The following notes of judgments were prepared by the reporters of the All England Law Reports.
R v Johnson (Kevin); CA(Crim Div) (Lord Taylor of Gosforth CJ; Ognall, Gage JJ); 5 July 1994.
Where the only evidence of identification of a masked intruder charged with burglary and sexual offences, which he denied, was the recognition of his tape-recorded voice by the victims, the trial judge erred in exercising his discretion under s 78 of the Police and Criminal Evidence Act 1984 in allowing evidence of the defendant's previous offences where the victims had spoken of his "gentleness".
Linda Stern QC and David Etherington (Registrar of Criminal Appeals) for the appellant; John M H Farmer (CPS) for the Crown.
R v Sinha; CA (Crim Div)(Glidewell LJ, Blofeld, Buxton JJ); 5 July 1994.
Where any act done might mislead the court in any judicial proceedings which might ensue and it was proved that the defendant intended to mislead in any of those proceedings, that would be sufficient to justify a conviction of an offence of doing an act tending to pervert the cause of public justice.
Robin Stewart QC and James Turner (Le Brasseur J Tickle) for the appellant; John Charles Rees QC and Patrick Curran (CPS) for the Crown.
Webb v Emo Air Cargo (UK) Ltd (Case C-32/93); ECJ; 14 July 1994.
On a reference for a preliminary ruling by the House of Lords, the European court held that articles 2(1) and 5(1) of Council Directive 76/207/EEC on equal treatment for men and women in relation to employment precluded the dismissal of a woman such as the applicant who had been recruited for an unlimited term with a view, initially, to replacing an employee during that employee's maternity leave but could not do so because, shortly after her appointment, she herself was found to be pregnant. Article 10 of Directive 92/85/EEC, which prohibited the dismissal of a woman during the period between the beginning of pregnancy and the end of maternity leave save in exceptional circumstances, was to be taken into account. Pregnancy was not comparable with illness, still less with unavailability for work on non-medical grounds, so that the applicant's situation could not be compared with that of a man who was recruited in similar circumstances and had to take leave of absence for medical or other reasons.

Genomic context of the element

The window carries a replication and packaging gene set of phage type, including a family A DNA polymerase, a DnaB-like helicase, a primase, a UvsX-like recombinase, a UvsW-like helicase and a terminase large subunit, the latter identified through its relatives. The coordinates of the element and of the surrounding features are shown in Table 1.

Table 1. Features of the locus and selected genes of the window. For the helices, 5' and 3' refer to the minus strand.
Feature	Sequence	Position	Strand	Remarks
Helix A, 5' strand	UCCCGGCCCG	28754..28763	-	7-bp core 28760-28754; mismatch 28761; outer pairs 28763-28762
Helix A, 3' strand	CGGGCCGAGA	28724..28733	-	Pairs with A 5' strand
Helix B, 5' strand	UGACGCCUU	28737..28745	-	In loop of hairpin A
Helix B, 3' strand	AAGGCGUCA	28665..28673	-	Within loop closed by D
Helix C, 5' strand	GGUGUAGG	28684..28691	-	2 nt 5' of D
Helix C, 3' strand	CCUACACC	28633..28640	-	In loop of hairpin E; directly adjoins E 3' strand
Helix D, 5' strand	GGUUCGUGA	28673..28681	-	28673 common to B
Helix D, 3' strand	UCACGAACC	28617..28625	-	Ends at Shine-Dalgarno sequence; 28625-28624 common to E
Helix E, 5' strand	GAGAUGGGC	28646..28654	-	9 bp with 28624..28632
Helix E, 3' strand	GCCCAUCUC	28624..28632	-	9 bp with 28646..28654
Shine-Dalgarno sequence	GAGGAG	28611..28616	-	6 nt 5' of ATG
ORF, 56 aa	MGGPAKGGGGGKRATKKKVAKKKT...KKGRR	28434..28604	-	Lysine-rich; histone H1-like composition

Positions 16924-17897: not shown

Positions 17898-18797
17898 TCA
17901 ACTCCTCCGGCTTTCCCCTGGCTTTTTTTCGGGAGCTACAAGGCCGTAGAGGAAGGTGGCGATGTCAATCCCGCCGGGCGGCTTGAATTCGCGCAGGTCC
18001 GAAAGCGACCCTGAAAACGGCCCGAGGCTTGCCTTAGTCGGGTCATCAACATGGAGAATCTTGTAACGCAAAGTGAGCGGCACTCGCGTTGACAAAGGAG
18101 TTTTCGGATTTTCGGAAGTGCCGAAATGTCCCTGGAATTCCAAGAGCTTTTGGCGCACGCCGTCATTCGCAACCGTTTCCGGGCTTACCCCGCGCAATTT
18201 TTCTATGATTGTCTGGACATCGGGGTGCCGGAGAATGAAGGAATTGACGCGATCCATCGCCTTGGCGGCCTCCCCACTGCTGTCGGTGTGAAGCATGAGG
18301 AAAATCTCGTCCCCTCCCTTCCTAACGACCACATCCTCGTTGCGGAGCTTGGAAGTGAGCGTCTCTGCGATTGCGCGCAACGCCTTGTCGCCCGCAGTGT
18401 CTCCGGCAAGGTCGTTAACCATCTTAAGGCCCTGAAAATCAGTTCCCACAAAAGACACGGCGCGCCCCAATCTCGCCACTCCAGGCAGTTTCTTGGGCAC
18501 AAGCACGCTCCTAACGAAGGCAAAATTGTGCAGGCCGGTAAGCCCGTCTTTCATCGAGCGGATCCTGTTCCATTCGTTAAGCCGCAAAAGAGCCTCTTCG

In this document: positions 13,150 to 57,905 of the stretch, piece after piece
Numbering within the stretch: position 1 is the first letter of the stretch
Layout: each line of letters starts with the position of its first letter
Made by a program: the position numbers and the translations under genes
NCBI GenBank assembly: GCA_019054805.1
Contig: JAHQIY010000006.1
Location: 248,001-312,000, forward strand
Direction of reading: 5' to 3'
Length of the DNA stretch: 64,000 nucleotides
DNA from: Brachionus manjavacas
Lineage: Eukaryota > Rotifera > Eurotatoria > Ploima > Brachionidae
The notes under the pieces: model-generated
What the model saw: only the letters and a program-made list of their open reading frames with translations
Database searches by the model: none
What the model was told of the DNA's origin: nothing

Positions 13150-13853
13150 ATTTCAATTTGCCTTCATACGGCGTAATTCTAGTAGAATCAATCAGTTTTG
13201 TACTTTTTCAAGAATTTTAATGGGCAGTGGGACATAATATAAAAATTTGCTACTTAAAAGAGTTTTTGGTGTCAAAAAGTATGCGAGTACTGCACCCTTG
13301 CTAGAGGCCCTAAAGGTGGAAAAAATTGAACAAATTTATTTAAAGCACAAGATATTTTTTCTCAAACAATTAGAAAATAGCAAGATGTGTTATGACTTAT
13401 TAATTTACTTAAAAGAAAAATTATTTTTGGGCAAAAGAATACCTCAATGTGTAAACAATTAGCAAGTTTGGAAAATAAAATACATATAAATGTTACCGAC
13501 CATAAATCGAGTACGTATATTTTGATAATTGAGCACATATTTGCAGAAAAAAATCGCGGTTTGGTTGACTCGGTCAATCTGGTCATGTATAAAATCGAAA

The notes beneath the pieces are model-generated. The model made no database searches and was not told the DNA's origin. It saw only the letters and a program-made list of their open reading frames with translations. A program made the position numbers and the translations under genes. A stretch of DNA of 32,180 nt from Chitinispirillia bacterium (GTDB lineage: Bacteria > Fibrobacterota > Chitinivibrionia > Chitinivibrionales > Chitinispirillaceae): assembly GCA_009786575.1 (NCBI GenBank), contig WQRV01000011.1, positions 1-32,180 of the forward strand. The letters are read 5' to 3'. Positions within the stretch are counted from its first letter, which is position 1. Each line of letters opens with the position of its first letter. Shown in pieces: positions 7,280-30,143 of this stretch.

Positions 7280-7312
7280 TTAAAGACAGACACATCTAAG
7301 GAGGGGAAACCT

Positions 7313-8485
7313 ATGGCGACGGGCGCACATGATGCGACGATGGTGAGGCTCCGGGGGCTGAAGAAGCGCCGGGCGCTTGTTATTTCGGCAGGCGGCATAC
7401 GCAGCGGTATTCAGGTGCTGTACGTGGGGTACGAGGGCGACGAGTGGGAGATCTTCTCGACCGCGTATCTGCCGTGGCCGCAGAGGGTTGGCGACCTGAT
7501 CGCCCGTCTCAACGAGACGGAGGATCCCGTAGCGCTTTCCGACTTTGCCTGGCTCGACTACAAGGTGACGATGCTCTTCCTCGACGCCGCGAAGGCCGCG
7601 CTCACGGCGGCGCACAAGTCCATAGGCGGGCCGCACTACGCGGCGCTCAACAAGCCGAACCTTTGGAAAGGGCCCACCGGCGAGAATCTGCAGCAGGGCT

The dismissal was not justifiable by the applicant's temporary inability, by not being available for work, to fulfil a fundamental condition of her contract, as the protection given under Community law to women during pregnancy and childbirth did not depend on whether their presence at work during maternity was essential to the proper functioning of the undertaking whether they were employed.
R v Minister of Agriculture, Fisheries and Food, Ex p SP Anastasiou (Pissouri) Ltd and ors (Case C-432/92) ECJ; 5 July 1994.
In the case of citrus fruit and potatoes imported from the part of Cyprus to the north of the United Nations Buffer Zone, the rules contained in Council Regulations (EEC) nos 1246/73 and 2907/77 on certificates of origin and in Council Directive 77/93/EEC on certificates guaranteeing the absence of harmful organisms, precluded the …